Now, a year later, the welding team is still finding new, more efficient ways of using Dutch to do things that just weren’t possible before. There’s active learning happening every day on how to better utilize the equipment, to the benefit of operators, the company, and most importantly, JZHC’s customers.
At Georgia-Pacific’s wood products plant in Corrigan, Texas, automation is also making an impact in the workplace.
What surprises most visitors who walk through the facility is the manual nature of the plywood manufacturing process. It’s pulled manually when it’s manufactured, stacked by hand, unstacked manually to dry and restacked off the dryer before even making it to the glue (assembly) line.
"Our folks are great and they do an amazing job, but it’s hard, hot work that can get tedious,” said Hudson Pope, vice president of plywood and lumber operations. “These are individuals who have talents that we are not fully using, so we have begun automating some of these processes so we can redirect our people to higher value tasks.”
Over the last five years, the plywood division has made an effort to do just that. Through automation and innovation, Pope and his team have a plan to phase out 120 turnover-prone roles that can be automated, with a more ambitious goal of transitioning hundreds of additional repetitive tasks into higher skilled, more fulfilling positions.
To handle the workload, the facility welcomed a new innovation to its plywood line: a robotic system installed on the poly patch line in Corrigan that uses an advanced visioning system to identify and rout out knots and cracks, then patch the holes with hot glue – a synthetic patch material. And it’s fully automated.
Before the robot, the routing and patching process was all handled by hand, with four people working across two lines over four shifts, 24/7. With these robotics in place, the facility has been able to remove one line and run the other just five days per week for one shift.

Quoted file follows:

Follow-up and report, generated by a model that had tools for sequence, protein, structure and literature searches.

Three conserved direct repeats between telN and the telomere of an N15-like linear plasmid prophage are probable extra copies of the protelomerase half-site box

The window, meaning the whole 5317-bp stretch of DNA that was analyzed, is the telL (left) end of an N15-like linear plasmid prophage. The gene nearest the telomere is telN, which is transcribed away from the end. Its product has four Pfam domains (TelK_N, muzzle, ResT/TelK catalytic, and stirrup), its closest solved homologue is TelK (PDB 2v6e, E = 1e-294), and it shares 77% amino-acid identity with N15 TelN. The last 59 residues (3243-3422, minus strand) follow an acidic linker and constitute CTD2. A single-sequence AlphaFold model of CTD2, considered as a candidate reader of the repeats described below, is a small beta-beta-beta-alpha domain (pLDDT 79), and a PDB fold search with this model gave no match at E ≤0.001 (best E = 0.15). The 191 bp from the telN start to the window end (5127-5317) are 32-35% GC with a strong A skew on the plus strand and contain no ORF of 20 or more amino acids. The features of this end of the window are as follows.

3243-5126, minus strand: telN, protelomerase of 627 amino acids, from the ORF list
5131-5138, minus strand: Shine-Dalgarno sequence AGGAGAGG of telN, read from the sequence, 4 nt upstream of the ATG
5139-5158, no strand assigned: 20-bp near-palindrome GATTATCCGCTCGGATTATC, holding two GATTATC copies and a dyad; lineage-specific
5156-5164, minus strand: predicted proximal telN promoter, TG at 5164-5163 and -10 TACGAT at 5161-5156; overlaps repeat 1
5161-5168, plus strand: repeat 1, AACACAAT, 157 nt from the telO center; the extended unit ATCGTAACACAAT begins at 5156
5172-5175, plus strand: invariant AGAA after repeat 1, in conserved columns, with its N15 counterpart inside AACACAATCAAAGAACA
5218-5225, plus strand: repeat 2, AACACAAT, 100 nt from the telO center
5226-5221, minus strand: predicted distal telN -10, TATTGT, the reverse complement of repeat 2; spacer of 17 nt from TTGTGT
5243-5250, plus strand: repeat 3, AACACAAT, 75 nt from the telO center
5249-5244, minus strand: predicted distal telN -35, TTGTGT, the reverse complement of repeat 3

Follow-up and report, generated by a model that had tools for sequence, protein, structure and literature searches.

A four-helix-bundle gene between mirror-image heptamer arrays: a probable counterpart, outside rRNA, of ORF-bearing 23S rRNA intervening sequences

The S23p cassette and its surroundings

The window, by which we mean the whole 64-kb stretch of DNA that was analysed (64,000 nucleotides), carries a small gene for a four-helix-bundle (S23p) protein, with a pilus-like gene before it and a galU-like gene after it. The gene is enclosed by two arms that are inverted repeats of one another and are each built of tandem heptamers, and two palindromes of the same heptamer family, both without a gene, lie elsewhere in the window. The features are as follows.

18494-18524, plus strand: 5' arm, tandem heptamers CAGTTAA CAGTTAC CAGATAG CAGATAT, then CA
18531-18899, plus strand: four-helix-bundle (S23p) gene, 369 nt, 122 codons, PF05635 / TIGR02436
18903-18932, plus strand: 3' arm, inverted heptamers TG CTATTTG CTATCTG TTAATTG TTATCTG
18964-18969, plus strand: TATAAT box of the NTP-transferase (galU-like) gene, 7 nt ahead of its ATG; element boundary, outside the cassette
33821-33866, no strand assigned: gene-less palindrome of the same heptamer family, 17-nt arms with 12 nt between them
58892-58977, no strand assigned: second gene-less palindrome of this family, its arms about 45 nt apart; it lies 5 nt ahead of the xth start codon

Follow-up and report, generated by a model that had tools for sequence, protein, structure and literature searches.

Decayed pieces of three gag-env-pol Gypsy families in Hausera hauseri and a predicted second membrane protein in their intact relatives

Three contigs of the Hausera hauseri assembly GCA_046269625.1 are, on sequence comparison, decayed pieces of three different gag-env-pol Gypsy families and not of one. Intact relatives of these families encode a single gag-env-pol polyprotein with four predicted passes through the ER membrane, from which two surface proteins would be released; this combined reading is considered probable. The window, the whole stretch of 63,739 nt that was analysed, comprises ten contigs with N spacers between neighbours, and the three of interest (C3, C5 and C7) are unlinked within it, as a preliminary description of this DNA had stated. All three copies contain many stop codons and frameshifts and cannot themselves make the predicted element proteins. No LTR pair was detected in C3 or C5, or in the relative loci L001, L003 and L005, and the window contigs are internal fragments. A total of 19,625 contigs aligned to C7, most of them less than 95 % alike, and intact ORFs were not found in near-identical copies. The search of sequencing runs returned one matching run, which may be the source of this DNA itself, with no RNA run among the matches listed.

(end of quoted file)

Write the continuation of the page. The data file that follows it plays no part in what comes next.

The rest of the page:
And there’s a secondary benefit to this automation: safety.
“There’s inherent risk that occurs with any repetitive task,” Pope said. “People can be lulled into a false sense of security, so there’s a lot of value in minimizing the number of people in that environment.”
While the poly patch robotic system has been a big success in Corrigan – GP’s highest-volume specialty plant – due to cost constraints, it’s not a viable option for other locations in its current state. But the company is working on a simpler version that can be utilized by other facilities in the future.
And constant experimentation has been key in the plywood division, because not every endeavor has been a home run. In fact, an experiment to automate the feeding and laying process on the glue line was developed, installed at Corrigan, and scrapped after six months because it just wasn’t working out. But a second system just recently developed and installed at Georgia-Pacific’s Gurdon, Arkansas, operation has already proven to be a keeper.
“There’s a good lesson to be learned here,” said Pope. “Systems that work in other environments don’t always work at our facilities, but the important thing is that we have a culture across our organization where we want to experiment, understand the risks, and know that we’re going to win some and lose some. This time, it looks like we’re going to knock it out of the park.”
Suggested Reading: The Software Side of Robots
* World Economic Forum, “The Future of Jobs” report, 2016.